(Ghostscript folks, we're starting to talk about splitting up the
Gimp-Print project into sub-components.)
From: Eric Sharkey <[EMAIL PROTECTED]>
Date: Fri, 05 Jul 2002 20:26:16 -0400
My two cents is to spin off what you can provided you can find
interested new maintainers. From the point of view of a
distributor/packager, smaller more self-contained packages are
easier to handle. For example, as a Debian maintainer, I can't
upload to Debian new releases of escputil without also uploading
new libgimpprint, cups drivers, etc. Everything that builds from a
single source tarball has to be updated together. For most
packages this isn't a big deal, but for gimp-print it's starting to
get a little silly.
That's the question I should have asked -- what's the best thing for
the packagers, since core Gimp-print isn't really an end-user
package. Sounds like you and Till are in rather violent agreement
here. I'm not sure that that's what I had expected, but it certainly
seems to confirm the idea that it should be split.
Would it make sense to split each of the high-level drivers -- CUPS,
IJS, and traditional Ghostscript -- into its own package? It sounds
like you and Till both think so.
So with all this, one possibility would be:
1) libgimpprint (including the current src/main, include/gimp-print,
src/testpattern, test, and the developer's manual). I think that
the test pattern generator should be included with libgimpprint as
a "sample Gimp-Print application". I imagine that distributors
would put this into a libgimpprint-devel package, along with
gimpprint-config, gimp-print.h, and possibly the developer's
manual. We might include the sample images here; they'd probably
go into a developer sub-package since they're most useful for
people supporting new printers. The developer tools are included
in the test directory; we might want to move them within the core
package (or do we want to split this into libgimpprint and
gimpprint-utils?). The Gimp-Print project would clearly own this.
2) gimpprint-cups -- the CUPS driver (rastertoprinter) and PPD
generator (genppd). I'm starting to think that we're using genppd
all wrong -- rather than generate the PPD files into a directory
within the build tree, and then copy them into the installation
directory, we should simply generate the PPD files into the CUPS
PPD area. This might solve the long-standing translation problem,
since the message catalogs would already be installed correctly
into the filesystem, and we wouldn't have to do the silly hack we
It's unclear to me that things like commandtoepson, commandtocanon,
cups-calibrate, canon, and epson belong in Gimp-print at all.
These look to be core CUPS functionality, and the potential for
collision is high. For that matter, "rastertoprinter" should
probably be "gimpprint-rastertoprinter" or the like. Mike?
Perhaps we would own this, or perhaps the CUPS project would. CUPS
is quite stable, although 1.2 is going to have some new and
3) The old-style Ghostscript driver (stp), delivered as a patch to
Ghostscript. That is, if we don't want to deprecate this
altogether in 4.3, now that IJS functionality is reasonably mature
in GNU Ghostscript.
I would much prefer to see the Ghostscript project own this. They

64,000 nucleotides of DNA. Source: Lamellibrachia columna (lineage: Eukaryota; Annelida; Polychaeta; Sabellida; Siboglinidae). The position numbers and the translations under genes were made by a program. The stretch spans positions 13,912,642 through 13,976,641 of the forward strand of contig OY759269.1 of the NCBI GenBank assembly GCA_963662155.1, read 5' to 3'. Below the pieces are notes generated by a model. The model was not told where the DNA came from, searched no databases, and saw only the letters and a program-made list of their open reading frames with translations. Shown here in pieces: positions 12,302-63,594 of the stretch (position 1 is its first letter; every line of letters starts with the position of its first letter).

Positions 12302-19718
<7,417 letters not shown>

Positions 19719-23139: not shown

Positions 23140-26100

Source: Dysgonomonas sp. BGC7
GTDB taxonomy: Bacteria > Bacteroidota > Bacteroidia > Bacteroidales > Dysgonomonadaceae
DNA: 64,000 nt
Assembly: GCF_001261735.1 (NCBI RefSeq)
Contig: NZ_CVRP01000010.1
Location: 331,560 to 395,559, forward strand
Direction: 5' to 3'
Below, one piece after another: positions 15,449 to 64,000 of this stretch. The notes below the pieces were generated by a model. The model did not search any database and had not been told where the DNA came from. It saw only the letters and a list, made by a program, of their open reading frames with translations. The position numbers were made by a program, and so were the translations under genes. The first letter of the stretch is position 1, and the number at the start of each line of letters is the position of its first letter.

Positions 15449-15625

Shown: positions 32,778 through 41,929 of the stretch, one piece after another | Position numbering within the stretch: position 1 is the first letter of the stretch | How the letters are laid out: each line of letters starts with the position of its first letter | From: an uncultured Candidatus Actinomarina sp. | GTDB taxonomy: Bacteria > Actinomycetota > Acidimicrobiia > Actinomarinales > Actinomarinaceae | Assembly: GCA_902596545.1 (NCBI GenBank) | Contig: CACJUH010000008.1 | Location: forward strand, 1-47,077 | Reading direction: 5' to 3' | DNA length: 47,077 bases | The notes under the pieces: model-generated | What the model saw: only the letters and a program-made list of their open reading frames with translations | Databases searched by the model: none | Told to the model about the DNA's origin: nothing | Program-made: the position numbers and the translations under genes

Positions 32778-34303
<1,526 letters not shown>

already have it in 6.53 and newer GNU releases, and we'd just as
soon get rid of it.
4) The IJS Ghostscript driver. Other than ownership, this is about
the most straightforward piece of the lot. Both Gimp-print and IJS
are evolving interfaces, so maybe this would need to be a separate
project maintained by a cross-functional team.
5) Foomatic. The key here is really the foomatic data generator. The
foomatic data generator actually contains a number of Gimp-print
client applications that extract data from the (internal) database
via supported interfaces. Foomatic is also a somewhat evolving
interface. Till, any more thoughts about this? Ownership?
6) escputil and lexmarkutil. These have nothing to do with
libgimpprint at all and don't even link against it. We've owned
these because we wrote them, but they would really fit much better
with mtink if Jean-Jacques wants to take them in.
7) The Gimp Print plugin. This one's a real hairball. We own it
largely for legacy reasons. It is currently a client of
libgimpprint, but as a result there are a number of design
decisions in libgimpprint that wouldn't have been made otherwise
(such as the way image position and size are specified, the way the
color functions are exposed, and the presence of the Postscript
family driver). There are real issues of ownership, what it should
be, and whether it should even be a libgimpprint client at all.
8) The user manual. A lot of its raison d'etre goes away if we split
everything off, since then Gimp-print won't even be a user-visible
package at all. However, there's far too much good work there for
it to go away. Perhaps it needs to split up, and the Gimp portions
should go with the Gimp plugin, the CUPS portions should be
absorbed by the generic CUPS documentation, and the escputil
portion should go with escputil.
Thoughts? This is a fairly radical proposal in some ways. However,
the current 4.3 API is still completely compatible with 4.2, and
perhaps we should do a 4.4 that's simply 4.2 (or 4.3 as it now stands,
with things cleaned up) with this split.
Robert Krawitz <[EMAIL PROTECTED]> http://www.tiac.net/users/rlk/
Tall Clubs International -- http://www.tall.org/ or 1-888-IM-TALL-2
Member of the League for Programming Freedom -- mail [EMAIL PROTECTED]
Project lead for Gimp Print/stp -- http://gimp-print.sourceforge.net
"Linux doesn't dictate how I work, I dictate how Linux works."
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